April 7, 2016
Inside the Leaderboard: To Scale, or Not To Scale
By Tommy Marquez and Mike Macpherson
With the 2016 Open behind us, Games analyst Tommy Marquez takes a look at the Rx'd and Scaled statistics. 
With the 2016 Open behind us, Games analyst Tommy Marquez takes a look at the Rx'd and Scaled statistics. 

With each of the five Open workouts, every athlete gets to choose whether to do the workout as prescribed or scaled. This graphic summarizes the main ways the Individual competitors aged 18-54 navigated this choice in 2016. Although there are 32 ways you can go through the Open, and someone out there did every single one of them, we show only the top-ten most frequent paths. For the great majority, the choice is simple–they either do them all Rx’d or all scaled. For the men, more than three-quarters of the field went all Rx’d, and just under 10 percent went all scaled. For the women, it was the same top two, but the frequencies were very different: 47 percent went all Rx’d and 23 percent went all scaled.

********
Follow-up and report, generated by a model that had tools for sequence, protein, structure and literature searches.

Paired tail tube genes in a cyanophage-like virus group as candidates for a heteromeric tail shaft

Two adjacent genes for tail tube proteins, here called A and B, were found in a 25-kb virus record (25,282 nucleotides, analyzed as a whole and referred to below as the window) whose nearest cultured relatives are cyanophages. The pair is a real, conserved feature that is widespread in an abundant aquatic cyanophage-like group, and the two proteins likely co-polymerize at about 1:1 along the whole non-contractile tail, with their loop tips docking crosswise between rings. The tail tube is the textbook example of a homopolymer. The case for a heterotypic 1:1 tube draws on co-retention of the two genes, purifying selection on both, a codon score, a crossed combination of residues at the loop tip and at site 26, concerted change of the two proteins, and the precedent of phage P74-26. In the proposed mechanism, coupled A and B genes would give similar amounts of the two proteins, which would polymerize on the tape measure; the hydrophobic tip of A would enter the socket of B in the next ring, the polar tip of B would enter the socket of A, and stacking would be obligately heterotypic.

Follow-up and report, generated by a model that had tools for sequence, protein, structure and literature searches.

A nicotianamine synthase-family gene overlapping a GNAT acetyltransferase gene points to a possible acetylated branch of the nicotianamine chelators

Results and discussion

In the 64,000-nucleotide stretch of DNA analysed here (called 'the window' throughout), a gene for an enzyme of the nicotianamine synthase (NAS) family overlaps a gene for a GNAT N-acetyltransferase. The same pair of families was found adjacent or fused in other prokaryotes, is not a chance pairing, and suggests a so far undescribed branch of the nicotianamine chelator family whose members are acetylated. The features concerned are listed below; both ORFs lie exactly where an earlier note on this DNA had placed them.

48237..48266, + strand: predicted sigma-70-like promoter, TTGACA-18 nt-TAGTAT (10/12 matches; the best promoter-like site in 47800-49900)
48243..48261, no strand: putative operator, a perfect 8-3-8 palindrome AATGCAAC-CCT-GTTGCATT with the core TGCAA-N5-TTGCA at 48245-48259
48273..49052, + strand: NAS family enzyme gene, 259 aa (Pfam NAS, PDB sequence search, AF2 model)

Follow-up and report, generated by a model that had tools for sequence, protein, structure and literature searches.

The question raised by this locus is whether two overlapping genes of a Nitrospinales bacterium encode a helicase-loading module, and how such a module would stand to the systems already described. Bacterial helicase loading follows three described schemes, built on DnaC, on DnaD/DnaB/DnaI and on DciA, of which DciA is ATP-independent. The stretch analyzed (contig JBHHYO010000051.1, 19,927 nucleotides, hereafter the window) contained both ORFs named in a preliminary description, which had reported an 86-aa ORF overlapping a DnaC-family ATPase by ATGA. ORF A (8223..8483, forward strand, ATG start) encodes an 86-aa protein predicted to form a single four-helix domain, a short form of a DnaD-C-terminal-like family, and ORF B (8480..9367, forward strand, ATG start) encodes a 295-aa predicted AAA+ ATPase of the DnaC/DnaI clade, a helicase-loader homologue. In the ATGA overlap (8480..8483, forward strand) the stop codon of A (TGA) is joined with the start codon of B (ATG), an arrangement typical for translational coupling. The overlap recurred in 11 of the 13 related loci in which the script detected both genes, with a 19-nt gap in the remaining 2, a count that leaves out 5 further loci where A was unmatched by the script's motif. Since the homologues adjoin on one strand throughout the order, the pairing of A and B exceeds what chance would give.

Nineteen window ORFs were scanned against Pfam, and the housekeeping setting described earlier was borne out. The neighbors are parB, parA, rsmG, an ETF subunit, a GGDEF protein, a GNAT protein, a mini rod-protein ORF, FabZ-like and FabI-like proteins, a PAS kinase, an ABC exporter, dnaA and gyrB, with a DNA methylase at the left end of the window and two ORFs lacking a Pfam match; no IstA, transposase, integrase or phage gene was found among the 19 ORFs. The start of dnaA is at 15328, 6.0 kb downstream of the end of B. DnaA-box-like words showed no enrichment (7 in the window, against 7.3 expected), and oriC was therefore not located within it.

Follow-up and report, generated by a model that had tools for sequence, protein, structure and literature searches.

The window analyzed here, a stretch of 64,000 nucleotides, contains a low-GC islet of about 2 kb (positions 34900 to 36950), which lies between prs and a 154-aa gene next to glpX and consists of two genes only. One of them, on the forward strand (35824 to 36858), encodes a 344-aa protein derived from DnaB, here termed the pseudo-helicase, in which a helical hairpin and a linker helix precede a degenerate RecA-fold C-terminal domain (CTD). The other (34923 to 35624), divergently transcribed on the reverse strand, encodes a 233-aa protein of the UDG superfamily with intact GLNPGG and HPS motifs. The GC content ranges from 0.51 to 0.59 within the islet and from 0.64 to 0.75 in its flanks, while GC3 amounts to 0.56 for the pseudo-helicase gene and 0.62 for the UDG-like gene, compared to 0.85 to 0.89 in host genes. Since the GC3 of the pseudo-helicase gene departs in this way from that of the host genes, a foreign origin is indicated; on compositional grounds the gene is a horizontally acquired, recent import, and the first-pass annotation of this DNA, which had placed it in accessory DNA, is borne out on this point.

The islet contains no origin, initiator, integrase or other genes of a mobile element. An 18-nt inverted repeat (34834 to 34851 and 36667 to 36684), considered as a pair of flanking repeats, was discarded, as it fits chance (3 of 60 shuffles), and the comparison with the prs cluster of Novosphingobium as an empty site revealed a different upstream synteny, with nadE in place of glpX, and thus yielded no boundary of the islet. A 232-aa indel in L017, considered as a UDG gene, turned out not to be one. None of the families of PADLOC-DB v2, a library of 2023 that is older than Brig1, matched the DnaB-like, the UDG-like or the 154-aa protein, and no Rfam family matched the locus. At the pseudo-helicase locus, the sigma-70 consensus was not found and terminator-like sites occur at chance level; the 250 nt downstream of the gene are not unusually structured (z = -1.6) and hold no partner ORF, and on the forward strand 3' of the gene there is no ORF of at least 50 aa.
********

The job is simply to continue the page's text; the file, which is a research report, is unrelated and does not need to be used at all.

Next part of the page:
After that, the paths people took through the Open were scattered. There’s a general trend towards doing 16.4 and 16.5 Rx’d, which shows up as mostly solid-blue and mostly solid-red towards the right-hand side of each graphic. That accords with the fact that 16.4 and 16.5 were the least-scaled workouts, at 25 percent and 23 percent respectively. Unlike last year’s 15.3 and its ring muscle-ups out of the gate, there was no single smoking-gun workout that everybody scaled, or Rx’d.